Ask Hackaday: How do you give a project away?

lcr

A few weeks ago, we caught wind of a DIY version of ‘smart tweezers’ from [Kai]‘s workbench that are able to measure SMD resistors, caps, and inductors. At that time, [Kai] hadn’t quite finished the software portion of his build, leaving him with a pile of parts and non-working PCBs. The code is finished now, meaning [Kai] has a very capable and very inexpensive version of LCR meter tweezers. He’d like to give back to the open source community and figure out a way to get his tweezers into the hands of makers the world over now. The only problem is he doesn’t know quite how to do that.

We’ve seen smart tweezers before, and they’re still available commercially for about $300. [Kai]‘s version brings down the price significantly, so there is a market for these LCR tweezers. The problem, it seems, is getting these tweezers manufactured.

We’re assuming that soldering hundreds of thousand of SMD parts isn’t what [Kai] thinks is a good time; this leaves a Kickstarter as a non-starter, unless he can contract out the manufacturing. Seeed Studio might be a good place for [Kai] to sell his wares, but we’re wondering what Hackaday readers would do in [Kai]‘s situation. Obviously he deserves to compensated for his work either through licensing or royalties, but as far as actual advice and recommendations we’re turning to Hackaday readers.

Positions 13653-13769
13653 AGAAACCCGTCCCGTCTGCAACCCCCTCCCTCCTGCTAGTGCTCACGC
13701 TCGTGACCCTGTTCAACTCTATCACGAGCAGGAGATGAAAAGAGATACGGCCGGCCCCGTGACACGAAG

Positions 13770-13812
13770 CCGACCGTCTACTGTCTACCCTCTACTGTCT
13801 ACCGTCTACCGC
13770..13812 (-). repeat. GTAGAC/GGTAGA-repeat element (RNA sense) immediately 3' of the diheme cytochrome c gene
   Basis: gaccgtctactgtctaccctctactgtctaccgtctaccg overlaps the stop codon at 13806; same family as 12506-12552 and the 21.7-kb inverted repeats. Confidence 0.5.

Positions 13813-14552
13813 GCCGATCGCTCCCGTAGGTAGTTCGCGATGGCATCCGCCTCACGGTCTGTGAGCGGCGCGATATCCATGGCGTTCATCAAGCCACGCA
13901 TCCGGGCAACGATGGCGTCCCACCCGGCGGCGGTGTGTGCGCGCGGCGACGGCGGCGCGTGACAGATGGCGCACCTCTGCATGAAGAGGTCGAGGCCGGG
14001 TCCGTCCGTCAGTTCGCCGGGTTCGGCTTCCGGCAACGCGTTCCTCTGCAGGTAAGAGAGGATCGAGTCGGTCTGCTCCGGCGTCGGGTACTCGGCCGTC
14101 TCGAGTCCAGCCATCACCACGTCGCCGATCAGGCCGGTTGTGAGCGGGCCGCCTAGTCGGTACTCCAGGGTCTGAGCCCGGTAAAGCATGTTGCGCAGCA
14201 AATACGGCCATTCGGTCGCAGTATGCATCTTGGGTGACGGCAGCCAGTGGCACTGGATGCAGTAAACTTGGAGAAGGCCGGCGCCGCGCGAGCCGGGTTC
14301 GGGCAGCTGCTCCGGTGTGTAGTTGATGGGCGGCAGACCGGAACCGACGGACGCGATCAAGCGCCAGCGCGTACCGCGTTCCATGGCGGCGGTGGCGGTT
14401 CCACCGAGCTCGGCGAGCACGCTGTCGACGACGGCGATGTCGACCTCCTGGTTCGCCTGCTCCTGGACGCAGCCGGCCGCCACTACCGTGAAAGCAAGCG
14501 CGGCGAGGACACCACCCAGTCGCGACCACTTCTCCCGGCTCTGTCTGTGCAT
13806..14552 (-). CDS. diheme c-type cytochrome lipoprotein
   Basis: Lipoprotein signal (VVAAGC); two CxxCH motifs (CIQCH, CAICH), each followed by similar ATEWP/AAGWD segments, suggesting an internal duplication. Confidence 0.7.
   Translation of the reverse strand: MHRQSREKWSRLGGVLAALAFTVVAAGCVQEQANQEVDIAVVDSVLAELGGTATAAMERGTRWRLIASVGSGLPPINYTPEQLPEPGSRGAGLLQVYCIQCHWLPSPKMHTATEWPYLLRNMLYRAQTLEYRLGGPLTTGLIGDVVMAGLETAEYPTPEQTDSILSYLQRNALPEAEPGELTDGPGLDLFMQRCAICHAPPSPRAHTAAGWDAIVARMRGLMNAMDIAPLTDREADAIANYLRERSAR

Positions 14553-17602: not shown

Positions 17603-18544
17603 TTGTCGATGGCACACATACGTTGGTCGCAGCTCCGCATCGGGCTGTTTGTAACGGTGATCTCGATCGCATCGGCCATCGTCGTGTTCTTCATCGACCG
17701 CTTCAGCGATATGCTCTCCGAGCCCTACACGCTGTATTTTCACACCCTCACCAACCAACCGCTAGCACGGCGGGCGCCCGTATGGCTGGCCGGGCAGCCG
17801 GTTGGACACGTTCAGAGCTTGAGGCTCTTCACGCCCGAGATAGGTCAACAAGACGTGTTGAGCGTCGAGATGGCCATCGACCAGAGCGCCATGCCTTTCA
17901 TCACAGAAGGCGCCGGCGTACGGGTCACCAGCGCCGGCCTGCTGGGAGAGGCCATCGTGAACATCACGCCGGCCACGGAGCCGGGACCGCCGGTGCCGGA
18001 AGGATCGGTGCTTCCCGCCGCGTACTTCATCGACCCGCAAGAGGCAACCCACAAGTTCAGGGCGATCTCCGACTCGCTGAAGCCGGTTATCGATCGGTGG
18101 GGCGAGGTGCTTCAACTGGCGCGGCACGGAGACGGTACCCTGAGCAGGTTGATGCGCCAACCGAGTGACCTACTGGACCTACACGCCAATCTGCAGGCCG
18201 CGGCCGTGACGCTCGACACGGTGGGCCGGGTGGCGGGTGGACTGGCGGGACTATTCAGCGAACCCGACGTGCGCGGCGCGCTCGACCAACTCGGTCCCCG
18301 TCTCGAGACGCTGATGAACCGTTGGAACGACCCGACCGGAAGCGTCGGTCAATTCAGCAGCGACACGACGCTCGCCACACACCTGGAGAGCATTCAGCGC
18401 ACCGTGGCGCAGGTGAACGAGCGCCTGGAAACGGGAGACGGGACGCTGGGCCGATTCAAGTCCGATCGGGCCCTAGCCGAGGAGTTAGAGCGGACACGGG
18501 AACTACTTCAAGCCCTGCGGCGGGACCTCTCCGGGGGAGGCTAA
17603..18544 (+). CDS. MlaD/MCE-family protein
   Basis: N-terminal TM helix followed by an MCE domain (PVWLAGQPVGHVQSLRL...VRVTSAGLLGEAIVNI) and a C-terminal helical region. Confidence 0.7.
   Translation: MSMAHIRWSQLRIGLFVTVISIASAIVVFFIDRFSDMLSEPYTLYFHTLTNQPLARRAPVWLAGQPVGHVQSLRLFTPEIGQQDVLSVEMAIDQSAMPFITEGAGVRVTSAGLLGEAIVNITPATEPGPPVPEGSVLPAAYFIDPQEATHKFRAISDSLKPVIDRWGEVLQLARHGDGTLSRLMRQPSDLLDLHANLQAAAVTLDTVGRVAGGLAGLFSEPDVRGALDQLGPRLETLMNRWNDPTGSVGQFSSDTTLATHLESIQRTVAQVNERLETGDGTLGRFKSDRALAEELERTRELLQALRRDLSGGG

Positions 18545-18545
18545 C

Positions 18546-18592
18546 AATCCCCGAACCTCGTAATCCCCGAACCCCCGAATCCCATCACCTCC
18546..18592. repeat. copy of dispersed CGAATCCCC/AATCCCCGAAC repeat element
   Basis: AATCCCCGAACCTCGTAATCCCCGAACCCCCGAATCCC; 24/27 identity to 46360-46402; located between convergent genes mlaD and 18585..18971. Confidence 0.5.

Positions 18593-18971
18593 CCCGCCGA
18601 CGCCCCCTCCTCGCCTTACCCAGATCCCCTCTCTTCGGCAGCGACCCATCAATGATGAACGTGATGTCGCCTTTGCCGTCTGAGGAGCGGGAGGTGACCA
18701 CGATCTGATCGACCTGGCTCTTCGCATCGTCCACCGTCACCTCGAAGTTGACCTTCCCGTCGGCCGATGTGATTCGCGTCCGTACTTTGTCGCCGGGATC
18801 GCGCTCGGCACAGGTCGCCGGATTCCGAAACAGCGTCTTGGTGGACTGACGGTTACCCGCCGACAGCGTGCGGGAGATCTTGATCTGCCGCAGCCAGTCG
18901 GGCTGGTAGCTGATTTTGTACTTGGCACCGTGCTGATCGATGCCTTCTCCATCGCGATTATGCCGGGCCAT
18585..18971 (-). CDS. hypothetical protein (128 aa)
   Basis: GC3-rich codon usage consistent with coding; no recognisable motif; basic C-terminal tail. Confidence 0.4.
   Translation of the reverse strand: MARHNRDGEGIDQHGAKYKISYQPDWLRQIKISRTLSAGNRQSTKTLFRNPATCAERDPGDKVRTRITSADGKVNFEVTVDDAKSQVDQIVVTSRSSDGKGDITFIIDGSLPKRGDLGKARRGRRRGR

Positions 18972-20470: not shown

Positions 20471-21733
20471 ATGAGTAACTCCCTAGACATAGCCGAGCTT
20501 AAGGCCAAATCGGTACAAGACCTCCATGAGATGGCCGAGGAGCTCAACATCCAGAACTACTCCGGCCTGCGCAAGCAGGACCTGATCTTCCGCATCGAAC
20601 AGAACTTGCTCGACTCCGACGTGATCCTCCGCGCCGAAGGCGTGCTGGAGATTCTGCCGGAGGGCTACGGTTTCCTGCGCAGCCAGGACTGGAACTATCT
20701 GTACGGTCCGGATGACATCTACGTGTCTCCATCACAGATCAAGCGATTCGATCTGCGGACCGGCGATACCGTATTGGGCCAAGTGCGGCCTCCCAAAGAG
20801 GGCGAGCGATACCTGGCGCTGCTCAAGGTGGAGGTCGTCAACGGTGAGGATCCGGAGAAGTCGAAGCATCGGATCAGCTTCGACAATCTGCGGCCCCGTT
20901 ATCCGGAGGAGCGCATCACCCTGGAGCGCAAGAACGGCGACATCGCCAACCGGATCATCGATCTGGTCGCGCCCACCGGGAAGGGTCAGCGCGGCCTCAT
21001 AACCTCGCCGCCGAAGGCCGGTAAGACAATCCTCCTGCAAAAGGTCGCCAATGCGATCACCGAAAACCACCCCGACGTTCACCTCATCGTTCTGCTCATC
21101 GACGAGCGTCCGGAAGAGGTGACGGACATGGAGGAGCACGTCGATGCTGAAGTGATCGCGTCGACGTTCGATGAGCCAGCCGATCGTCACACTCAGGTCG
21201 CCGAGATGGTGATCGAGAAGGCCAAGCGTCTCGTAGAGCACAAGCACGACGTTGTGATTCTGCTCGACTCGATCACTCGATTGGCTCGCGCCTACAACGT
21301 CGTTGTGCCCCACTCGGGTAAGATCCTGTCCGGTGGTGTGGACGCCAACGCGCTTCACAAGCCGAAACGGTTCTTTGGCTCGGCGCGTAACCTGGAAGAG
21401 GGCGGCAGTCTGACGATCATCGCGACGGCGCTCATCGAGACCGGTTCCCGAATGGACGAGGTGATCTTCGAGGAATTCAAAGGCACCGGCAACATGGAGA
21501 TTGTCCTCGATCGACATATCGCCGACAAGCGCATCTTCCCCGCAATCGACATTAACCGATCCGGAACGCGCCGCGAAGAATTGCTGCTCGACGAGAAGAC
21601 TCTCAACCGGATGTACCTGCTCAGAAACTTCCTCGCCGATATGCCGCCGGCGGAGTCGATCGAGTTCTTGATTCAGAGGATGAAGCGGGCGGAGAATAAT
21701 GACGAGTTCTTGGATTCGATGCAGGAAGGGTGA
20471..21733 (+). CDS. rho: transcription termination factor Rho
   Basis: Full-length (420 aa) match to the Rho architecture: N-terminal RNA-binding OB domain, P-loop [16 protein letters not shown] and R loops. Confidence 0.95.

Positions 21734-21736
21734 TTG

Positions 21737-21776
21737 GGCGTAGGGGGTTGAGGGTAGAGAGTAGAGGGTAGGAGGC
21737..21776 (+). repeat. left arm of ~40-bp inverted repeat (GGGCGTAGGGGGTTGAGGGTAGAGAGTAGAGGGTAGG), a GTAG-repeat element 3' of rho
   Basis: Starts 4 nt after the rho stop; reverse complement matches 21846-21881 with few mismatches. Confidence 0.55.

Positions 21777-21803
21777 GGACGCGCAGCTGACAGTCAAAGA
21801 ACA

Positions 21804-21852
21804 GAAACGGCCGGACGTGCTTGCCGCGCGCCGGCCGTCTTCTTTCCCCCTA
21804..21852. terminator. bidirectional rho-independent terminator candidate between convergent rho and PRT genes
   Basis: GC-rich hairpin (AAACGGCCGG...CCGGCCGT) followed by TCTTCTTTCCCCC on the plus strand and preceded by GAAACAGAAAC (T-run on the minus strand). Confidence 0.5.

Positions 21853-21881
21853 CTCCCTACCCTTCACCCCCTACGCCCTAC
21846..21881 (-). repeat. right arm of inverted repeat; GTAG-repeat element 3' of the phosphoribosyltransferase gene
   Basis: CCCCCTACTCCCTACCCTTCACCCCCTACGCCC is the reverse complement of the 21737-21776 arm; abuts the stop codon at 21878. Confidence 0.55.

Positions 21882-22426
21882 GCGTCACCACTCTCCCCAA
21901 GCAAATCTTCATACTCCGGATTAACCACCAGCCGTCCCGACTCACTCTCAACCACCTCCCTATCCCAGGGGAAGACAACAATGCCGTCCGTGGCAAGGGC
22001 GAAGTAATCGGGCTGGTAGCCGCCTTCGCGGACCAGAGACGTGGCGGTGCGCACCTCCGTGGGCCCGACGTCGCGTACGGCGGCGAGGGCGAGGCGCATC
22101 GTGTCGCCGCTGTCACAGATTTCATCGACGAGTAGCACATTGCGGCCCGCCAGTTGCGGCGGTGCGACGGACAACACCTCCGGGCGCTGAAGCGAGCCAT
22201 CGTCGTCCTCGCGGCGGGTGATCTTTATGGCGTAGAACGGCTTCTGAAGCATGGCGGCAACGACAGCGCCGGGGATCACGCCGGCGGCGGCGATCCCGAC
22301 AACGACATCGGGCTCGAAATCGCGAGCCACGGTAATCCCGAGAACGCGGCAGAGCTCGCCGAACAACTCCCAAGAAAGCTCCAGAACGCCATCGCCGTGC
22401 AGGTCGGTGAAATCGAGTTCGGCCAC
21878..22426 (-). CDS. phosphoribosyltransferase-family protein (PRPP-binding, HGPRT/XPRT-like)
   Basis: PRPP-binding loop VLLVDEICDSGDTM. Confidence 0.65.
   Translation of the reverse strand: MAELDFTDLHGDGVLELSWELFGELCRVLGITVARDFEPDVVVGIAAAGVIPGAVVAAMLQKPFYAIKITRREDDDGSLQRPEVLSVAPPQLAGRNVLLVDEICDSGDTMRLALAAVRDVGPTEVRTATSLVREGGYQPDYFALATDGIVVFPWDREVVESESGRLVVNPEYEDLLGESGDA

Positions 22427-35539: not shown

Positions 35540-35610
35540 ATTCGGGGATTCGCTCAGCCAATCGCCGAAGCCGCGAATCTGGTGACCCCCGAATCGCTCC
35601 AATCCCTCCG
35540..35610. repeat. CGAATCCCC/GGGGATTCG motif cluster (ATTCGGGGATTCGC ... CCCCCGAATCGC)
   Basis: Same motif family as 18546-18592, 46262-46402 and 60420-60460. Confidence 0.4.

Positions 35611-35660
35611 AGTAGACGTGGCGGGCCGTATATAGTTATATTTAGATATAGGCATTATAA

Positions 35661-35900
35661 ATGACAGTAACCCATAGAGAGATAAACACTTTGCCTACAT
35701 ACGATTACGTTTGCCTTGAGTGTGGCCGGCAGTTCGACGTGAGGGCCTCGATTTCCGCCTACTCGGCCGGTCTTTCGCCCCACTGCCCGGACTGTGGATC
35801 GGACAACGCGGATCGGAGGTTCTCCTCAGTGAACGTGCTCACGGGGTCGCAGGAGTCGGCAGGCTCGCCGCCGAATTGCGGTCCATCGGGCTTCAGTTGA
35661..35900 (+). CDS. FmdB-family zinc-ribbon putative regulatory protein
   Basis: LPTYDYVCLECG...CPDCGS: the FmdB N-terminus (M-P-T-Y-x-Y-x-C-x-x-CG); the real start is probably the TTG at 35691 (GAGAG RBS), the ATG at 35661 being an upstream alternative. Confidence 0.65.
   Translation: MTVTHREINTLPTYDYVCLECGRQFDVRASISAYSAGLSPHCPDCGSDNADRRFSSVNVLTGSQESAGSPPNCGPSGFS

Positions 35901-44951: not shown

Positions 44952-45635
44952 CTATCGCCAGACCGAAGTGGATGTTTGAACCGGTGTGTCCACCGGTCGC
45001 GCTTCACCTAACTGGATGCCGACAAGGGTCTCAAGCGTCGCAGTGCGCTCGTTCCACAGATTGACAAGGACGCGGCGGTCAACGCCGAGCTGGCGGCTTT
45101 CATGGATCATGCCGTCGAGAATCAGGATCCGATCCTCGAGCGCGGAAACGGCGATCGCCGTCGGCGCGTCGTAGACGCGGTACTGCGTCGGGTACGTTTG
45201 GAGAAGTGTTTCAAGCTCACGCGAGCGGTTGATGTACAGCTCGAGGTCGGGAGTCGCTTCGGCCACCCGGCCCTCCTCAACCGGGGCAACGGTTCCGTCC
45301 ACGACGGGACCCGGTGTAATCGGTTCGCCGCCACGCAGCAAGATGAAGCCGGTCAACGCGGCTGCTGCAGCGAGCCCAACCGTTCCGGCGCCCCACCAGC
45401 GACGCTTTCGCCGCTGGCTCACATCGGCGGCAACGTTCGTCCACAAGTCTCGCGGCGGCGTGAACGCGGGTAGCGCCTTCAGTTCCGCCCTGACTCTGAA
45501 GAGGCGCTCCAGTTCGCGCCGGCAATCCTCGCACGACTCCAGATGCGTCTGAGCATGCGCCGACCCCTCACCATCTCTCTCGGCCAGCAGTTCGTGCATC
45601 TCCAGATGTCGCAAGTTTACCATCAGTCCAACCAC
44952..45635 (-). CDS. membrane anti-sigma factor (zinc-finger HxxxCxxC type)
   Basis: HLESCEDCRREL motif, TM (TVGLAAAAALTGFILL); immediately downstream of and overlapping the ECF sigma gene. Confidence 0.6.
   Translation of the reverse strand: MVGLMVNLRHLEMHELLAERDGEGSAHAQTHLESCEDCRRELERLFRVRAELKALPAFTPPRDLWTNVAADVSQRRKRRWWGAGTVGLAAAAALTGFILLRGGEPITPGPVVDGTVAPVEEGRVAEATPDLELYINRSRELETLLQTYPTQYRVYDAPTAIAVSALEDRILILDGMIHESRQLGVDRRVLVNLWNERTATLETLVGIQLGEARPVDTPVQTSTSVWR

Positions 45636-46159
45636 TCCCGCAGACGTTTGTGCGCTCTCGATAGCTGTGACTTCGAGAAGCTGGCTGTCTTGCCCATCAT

Hackaday’s official Kickstarter policy

we don’t have one… yet.

We’re getting inundated with campaigns on crowdfunding sites like kickstarter and indiegogo. Sometimes they’re really cool projects, sometimes they’re not. Unfortunately, they are all basically appeals for coverage on hackaday so they can get money. That immediately puts a negative taste in our mouths. Then again, if a hacker legitimately makes something really awesome, why wouldn’t we want to help spread the word?

We don’t want to stop a really cool project from being shared with you just because it is on kickstarter, but we also don’t want to serve as a crowdfunding advertising platform. It ends up being complicated, especially if the idea is really cool, but the details are sparse.

So, what do you think? Share your thoughts on how hackaday should handle crowdfunding in projects.

p.s. This started as a rant about how sick of the constant pleas for kickstarter coverage we’re getting. We’re trying to stay positive and constructive here, please do the same in the comments.

 

Ask Hackaday Anything over at Reddit tomorrow